This entry focuses on lignans, a non-flavonoid polyphenolic class found in plant foods for human nutrition, recently studied as potential modulators of the gut-brain axis. In particular, gut bacterial metabolism is able to convert dietary lignans into therapeutically relevant polyphenols (i.e., enterolignans), such as enterolactone and enterodiol. Enterolignans are characterized by various biologic activities, including tissue-specific estrogen receptor activation, together with anti-inflammatory and apoptotic effects. The variability in enterolignans production by the gut microbiota is strictly related to both bioaccessibility and bioavailability of parent lignans through the entire gastrointestinal tract.
Lignans have been widely studied due to their steroid-analogous chemical structure, being recognized as phytoestrogens, and possessing various biological properties, including anti-inflammatory and antioxidant properties. Additionally, epidemiological studies observed that lignans decrease the risk of cardiovascular disease.
The presence of lignans in the plant kingdom follows a similar pattern of distribution to other phenolic compounds. There are particularly rich dietary sources of lignans, such as oilseeds (flaxseed, sesame, linseed, and sunflower), whilst other foods present moderate to low amounts. Nevertheless, dietary surveys have observed that whole grains (especially rye), legumes, fruits, vegetables, nuts, and some beverages such as tea and coffee, can be considered good dietary sources of these compounds. Starting from the previous considerations, it seems clear that the characteristics of the diet will define the degree of exposition to plant lignans. Due to their large occurrence in foods, the most studied compounds are secoisolariciresinol, matairesinol, lariciresinol, pinoresinol, medioresinol, syringaresinol, and sesamin, which are predominantly present as glucosides as secoisolariciresinol diglucoside and pinoresinol diglucoside.
As widely reviewed in the scientific literature, lignans originate from cinnamic acid derivatives, which are biochemically related to the metabolism of phenylalanine. In particular, according to the incorporation of oxygen within the pattern of cyclization, lignans can be divided into eight subclasses, namely dibenzylbutyrolactol, dibenzocyclooctadiene, dibenzylbutyrolactone, dibenzylbutane, arylnaphthalene, aryltetralin, furan, and furofuran lignans. The nutritional significance of lignans is unknown. Although lignans are not classified as dietary fibers, they share some of the chemical characteristics of lignin (a large plant polymer characterizing the cell wall), which is an insoluble fiber. Overall, the comprehensive database about the phenolic composition of foods, namely, Phenol-Explorer, reports 53 lignans (including both parent compounds and large intestine metabolites). In this regard, the plant lignans most commonly distributed in foods are reported to be lariciresinol, matairesinol, pinoresinol, and secoisolariciresinol. Several other lignans characterize plant foods, including medioresinol (such as sesame seeds, rye, and lemons), syringaresinol (in grains), sesamin, and the lignan precursor sesamolin (in sesame seeds). Other lignans found in foods but not often quantified include arctigenin, cyclolariciresinol (isolariciresinol), 7′-hydroxymatairesinol, and 7-hydroxysecoisolariciresinol. Some cyclolariciresinol occurs naturally and a part arises from lariciresinol during extraction and analysis under acidic conditions. The most common lignan structures and major food sources are presented in Table 1.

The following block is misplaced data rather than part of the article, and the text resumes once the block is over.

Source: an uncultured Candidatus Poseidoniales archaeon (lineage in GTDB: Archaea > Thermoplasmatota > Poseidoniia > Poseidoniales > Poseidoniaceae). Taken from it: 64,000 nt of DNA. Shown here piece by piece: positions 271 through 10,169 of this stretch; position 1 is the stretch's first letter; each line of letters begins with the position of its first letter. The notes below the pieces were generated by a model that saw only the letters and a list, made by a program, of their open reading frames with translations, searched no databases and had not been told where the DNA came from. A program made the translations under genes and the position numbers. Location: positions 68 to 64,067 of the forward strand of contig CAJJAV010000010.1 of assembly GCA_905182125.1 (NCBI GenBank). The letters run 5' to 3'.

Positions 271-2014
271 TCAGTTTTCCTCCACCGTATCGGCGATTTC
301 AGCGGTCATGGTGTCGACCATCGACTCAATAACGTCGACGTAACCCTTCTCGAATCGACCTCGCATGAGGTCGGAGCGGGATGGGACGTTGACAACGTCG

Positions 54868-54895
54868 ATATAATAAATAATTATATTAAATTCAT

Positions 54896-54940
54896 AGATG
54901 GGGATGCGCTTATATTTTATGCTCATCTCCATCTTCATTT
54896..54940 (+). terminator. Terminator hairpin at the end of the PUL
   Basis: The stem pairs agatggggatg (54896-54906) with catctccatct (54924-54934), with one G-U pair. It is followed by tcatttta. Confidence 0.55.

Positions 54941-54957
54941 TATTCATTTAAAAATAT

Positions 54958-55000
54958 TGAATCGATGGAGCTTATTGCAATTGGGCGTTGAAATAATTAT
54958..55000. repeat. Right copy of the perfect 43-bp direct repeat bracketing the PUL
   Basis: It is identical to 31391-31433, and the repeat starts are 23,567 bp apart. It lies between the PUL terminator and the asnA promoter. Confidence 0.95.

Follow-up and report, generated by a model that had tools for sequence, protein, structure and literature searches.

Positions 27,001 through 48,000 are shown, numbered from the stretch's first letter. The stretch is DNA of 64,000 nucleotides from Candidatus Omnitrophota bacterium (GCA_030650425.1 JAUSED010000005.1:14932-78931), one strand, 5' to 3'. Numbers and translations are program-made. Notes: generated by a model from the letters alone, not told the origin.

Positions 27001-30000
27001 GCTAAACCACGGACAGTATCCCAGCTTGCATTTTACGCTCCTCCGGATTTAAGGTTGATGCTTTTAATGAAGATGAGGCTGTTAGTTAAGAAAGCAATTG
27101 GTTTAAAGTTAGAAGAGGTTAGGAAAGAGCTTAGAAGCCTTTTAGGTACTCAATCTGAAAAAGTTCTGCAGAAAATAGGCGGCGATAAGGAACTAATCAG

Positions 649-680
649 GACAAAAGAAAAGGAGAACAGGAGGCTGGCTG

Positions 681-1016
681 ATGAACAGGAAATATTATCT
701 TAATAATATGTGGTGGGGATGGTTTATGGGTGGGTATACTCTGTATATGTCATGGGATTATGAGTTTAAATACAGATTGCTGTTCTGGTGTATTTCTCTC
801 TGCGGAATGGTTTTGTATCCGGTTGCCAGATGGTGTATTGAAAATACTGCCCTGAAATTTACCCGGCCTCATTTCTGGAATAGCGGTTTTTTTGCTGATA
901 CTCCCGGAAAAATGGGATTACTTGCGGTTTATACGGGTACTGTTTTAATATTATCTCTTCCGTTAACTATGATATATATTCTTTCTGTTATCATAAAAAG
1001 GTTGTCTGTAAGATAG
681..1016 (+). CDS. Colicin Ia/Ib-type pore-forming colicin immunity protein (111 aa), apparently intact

Table 1. Most common lignans in plant foods, together with their structure, class, and major sources, according to the comprehensive Phenol-Explorer database.
|Compound||Structure||Class||Major Food Sources|
|Secoisolariciresinol||Dibenzylbutane lignan||Flaxseed (257.6 mg/100 g FW)
Cashew nut (6.7 mg/100 g FW)
|Matairesinol||Dibenzylbutyrolactone lignan||Sesame seed (29.8 mg/100 FW)
Flaxseed (6.7 mg/100 g FW)
|Lariciresinol||Furan lignan||Broccoli (97.2 mg/100 g FW)
Kale (59.9 mg/100 g FW)
|Medioresinol||Furofuran lignan||Sesame seed (4.1 mg/100 g FW)
Cloudberry (0.48 mg/100 g FW)
|Pinoresinol||Furofuran lignan||Olive oil (2.4 mg/100 g FW)
EVOO (0.42 mg/100 g FW)
|Syringaresinol||Furofuran lignan||Rye, whole grain flour (0.9 mg/100 g FW)
Avocado (0.4 mg/100 g FW)
|Sesamin||Furofuran lignan||Sesame seed, oil (644.5 mg/100 g FW)
Sesame seed (538.1 mg/100 g FW)
|Sesamolin||Furofuran lignan||Sesame seed, oil (287.3 mg/100 g FW)
Sesame seed (133.9 mg/100 g FW)